Featured/Informative

Muscling through migration

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The Outside Story

 

by Doug Facey

During the autumn months, many birds migrate from their summer breeding grounds in the Northeast to warmer wintering areas south of our region. Migratory birds include many species of raptors and waterfowl, which we often notice because of the birds’ large size and their tendency to travel in groups. Sometimes, as is the case with geese, these migratory groups are also quite vocal. Variations in their physiology relate directly to how different species migrate.

Raptors (hawks, falcons, and their relatives) have wings that are large relative to their body size, which gives these birds the ability to ride thermal updrafts and coast for long periods with minimal effort. Migrating raptors typically soar skyward in a circular pattern, riding the thermals. When they get high enough, the birds can glide until they catch another thermal to gain altitude again. Continuing this behavior over long distances allows raptors to conserve energy and limit fatigue to flight muscles. We often see migrating raptors soaring in groups called kettles. Although it may appear that these birds are traveling together, it is more likely that they are simply taking advantage of the same thermal updrafts.

Waterfowl (geese, ducks, and their relatives) have a very different body and wing structure than raptors. These birds must constantly flap their wings to remain aloft, and they can fly very long distances without stopping because their breast muscles have evolved to sustain activity for long periods of time without fatigue. In order to do this, the muscles need lots of oxygen, which allows a more efficient conversion of nutrients in the blood to energy needed for repeated muscle contraction. To support this level of endurance, the muscles powering flight have a rich blood supply, plenty of proteins (myoglobin) that store oxygen in the muscles, and lots of subcellular “powerhouse” subunits (mitochondria).

There are additional biochemical differences within the muscles of waterfowl that enhance their ability to work for long periods without fatigue. These physiological adaptations cause the flight muscles of waterfowl to be quite dark in color. These muscles also have a high fat content, which helps provide the energy needed for extended periods of flight. If you’ve ever eaten duck or goose, you probably noticed the dark color, high fat level, and strong flavor of the meat. This is especially the case for wild waterfowl, which need these physiological features to migrate.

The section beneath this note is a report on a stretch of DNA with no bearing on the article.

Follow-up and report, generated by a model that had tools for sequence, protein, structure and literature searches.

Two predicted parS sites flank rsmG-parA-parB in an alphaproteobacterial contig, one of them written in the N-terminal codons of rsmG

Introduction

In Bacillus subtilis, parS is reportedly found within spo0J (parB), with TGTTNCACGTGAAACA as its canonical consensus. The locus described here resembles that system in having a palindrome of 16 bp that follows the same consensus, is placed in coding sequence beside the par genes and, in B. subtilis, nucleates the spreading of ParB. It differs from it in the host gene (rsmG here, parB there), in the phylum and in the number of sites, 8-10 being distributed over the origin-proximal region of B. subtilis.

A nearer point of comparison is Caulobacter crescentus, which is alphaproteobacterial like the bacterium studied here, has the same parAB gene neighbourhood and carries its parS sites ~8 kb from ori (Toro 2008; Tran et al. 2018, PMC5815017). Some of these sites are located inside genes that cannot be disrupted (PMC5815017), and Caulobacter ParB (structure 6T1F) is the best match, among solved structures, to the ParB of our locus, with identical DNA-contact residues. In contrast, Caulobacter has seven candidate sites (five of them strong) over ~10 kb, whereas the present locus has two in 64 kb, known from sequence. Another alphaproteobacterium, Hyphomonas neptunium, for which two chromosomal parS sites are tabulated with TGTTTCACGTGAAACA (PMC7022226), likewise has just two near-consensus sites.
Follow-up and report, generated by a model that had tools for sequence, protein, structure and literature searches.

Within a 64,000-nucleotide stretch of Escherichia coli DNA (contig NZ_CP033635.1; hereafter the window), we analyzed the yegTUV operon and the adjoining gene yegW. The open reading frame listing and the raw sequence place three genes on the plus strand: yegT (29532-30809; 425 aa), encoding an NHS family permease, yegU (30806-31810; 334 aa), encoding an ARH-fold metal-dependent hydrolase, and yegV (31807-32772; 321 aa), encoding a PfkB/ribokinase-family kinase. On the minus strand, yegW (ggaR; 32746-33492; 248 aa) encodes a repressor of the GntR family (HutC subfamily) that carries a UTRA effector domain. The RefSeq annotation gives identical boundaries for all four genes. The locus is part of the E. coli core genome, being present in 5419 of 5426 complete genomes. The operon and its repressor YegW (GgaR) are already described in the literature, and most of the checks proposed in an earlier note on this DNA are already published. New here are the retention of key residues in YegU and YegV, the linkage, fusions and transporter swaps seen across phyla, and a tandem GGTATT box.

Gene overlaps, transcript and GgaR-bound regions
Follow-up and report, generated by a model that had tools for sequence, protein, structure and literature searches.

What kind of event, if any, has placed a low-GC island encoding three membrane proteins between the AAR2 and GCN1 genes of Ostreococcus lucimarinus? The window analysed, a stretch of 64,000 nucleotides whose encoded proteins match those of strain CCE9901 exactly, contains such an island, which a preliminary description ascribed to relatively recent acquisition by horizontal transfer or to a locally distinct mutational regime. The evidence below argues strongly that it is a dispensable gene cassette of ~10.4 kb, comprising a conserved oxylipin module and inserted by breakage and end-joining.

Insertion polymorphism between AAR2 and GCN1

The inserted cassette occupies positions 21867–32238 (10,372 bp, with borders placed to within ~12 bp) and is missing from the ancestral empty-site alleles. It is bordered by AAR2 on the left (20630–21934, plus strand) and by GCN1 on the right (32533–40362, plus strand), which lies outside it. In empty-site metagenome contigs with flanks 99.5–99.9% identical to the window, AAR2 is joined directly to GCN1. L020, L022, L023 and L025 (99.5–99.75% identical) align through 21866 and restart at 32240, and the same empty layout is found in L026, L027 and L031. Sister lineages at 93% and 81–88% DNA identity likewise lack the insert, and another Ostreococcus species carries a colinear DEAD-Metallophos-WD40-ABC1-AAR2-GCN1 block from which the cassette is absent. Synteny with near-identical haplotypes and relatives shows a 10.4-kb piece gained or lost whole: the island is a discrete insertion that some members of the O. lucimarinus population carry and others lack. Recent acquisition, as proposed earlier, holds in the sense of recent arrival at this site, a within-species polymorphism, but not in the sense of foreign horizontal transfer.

In contrast to migratory waterfowl, consider the muscles of non-migratory birds such as grouse, pheasant, and turkey, the latter being particularly popular in many households at Thanksgiving. These birds spend most of their time on the ground and rarely fly, except for short distances to escape danger. Hence, their breast muscles are developed for short, powerful bursts of activity, but they fatigue rapidly.

These muscles are not adapted for sustained flight, with less blood supply, fewer proteins needed for long periods of activity, and less fat than the flight muscles of waterfowl. Therefore, the breast muscles of grouse, turkey, and their relatives are light in color and mild in flavor. But the muscles of the legs and thighs, which are used most of the time and don’t fatigue readily, are much darker, have more fat, and have a stronger flavor, somewhat similar to the breast muscles of waterfowl.

Those of you enjoying a Thanksgiving meal featuring duck, goose, turkey, or other fowl may now share with your dining partners your knowledge of avian physiology and its effect on color and flavor of the meat, or perhaps it’s best to save that conversation for another time.

 

Doug Facey is an emeritus professor of biology at Saint Michael’s College and lives in Burlington, Vermont. Illustration by Adelaide Murphy Tyrol. The Outside Story is assigned and edited by Northern Woodlands magazine and sponsored by the Wellborn Ecology Fund of the New Hampshire Charitable Foundation: nhcf.org.

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